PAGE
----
• 1899
  • 1911
  • 1925

I haven’t exhaustively researched this, so let me know in the comments thread below if you think differently. But I think it’s a fair bet, from my reading of the lists, that those three Oldham wards, or perhaps Oldham itself, have had the most by-elections when looked at over the last two centuries. The nearest contender I could find was the “Combined Scottish Universities” seat which had by-elections in 1936,1938 and 1945. If someone can point me in the direction of a list of pre-1900 by-elections that would be very helpful in nailing this question. I couldn’t find such a list.

I think that where the Oldham by-election frequency record is so impressive is that it covers a good range of pre-1900 and post-1900 by-elections. It’s just a shame that the current Oldham West and Royton by-election doesn’t cover those three wards mentioned above but it does cover wards in the old Oldham Borough such as Chadderton. So, you could actually say that Chadderton and other western wards have had the most by-elections but that would mainly be relying on pre-1900 by-elections. Lees, Crompton and Shaw are the wards in Oldham with the most impressive frequency of pre-1900 and post-1900 by-elections.

But you don’t get away with reading this that lightly! Please help Jane Brophy and the team at Oldham West and Royton in the next few days.

Here’s all the info you need on how to get there:

Posted in Parliamentary by-elections | Tagged , and | 8 Comments

Climate change dangers show why Liberal Democrats are needed in government

Next week the fate of the world is going to be decided. That is a statement that we have rarely, if ever, been able to say with any certainty. But the consequences of another year, five years or decade without a global climate change agreement in the form of a legally binding treaty on all major global polluters could see the progress of degradation accelerate to a point where any further action would be mostly damage control. That is the solemn mandate of the Paris Cop21 Climate Conference, co-operate or face consequences, consequences that will be more tangible than ever before.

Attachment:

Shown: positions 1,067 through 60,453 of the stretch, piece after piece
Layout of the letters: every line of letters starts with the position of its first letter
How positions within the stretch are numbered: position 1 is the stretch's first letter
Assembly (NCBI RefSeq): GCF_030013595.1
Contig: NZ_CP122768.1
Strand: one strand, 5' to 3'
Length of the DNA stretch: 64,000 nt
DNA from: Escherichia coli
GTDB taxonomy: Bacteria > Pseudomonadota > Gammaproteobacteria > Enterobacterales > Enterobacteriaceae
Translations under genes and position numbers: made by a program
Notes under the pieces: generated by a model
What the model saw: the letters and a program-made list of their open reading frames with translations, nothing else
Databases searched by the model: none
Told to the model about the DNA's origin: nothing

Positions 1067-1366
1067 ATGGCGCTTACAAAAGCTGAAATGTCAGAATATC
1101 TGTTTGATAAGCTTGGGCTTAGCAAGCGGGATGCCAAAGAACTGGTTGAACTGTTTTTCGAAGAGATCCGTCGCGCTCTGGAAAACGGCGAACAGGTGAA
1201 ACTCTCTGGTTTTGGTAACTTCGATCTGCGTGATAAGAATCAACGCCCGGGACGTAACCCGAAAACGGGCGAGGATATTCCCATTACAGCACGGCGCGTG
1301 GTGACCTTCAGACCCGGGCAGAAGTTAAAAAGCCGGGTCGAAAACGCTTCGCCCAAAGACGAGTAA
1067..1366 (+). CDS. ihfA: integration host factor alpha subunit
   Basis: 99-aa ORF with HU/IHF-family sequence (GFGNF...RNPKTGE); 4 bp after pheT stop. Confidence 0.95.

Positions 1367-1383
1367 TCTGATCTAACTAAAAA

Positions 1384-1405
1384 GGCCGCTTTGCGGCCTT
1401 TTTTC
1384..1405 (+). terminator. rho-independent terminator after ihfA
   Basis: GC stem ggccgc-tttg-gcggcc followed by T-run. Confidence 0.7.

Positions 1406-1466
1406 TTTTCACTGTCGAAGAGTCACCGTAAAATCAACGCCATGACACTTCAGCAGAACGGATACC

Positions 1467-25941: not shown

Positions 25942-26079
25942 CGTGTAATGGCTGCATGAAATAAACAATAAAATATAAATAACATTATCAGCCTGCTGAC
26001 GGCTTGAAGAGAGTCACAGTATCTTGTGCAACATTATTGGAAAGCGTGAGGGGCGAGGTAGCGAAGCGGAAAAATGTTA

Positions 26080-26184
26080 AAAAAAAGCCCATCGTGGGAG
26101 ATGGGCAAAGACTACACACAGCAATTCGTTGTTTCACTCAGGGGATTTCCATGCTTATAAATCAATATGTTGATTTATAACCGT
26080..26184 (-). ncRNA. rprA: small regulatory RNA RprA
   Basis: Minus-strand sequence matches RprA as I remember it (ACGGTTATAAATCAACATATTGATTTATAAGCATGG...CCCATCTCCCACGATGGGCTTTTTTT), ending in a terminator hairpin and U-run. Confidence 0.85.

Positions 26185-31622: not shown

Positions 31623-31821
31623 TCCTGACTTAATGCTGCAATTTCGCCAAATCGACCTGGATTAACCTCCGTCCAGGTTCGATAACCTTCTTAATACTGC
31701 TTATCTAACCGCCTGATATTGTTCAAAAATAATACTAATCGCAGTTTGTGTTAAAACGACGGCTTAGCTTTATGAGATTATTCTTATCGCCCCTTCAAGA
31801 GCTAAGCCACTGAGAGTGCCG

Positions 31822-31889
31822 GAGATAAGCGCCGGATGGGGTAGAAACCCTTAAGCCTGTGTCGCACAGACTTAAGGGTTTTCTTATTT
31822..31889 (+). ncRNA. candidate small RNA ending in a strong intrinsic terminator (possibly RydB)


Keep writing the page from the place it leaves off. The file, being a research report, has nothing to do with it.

As global temperature rise being successfully held at 2 degrees Celsius looks more and more improbable, and unprecedented ice-cap melt (like that of Greenland in 2012) continues to stun Arctic communities and swell the global oceans, the level of climate disruption is now undeniably enormous. Even the kind of serious concerted action we all hope for in Paris will not be enough for those who are already set to face the horrors of the degree of environmental disruption we have now made inevitable. The most striking case of all? The chain of Pacific islands that form the state of Kiribati. Climate scientists have suggested that by 2100, or even earlier, rising sea levels will result in the full submersion of the islands.

This will be a decisive moment in human history. At this point our human capacity for destruction will have been fully realised, we will have effectively destroyed an entire nation. Global leaders in Paris who think that at their feet is placed an impossible and sobering task should be reminded of just how sobering a task lies at the feet of Anote Tong, Kiribati’s President, who every year must plan for the future awaiting a people who will lose the very land they call home to the sea, on account of our actions.

Posted in News | Tagged , and | 6 Comments

Sheila Thomson elected Convener of the Scottish Liberal Democrats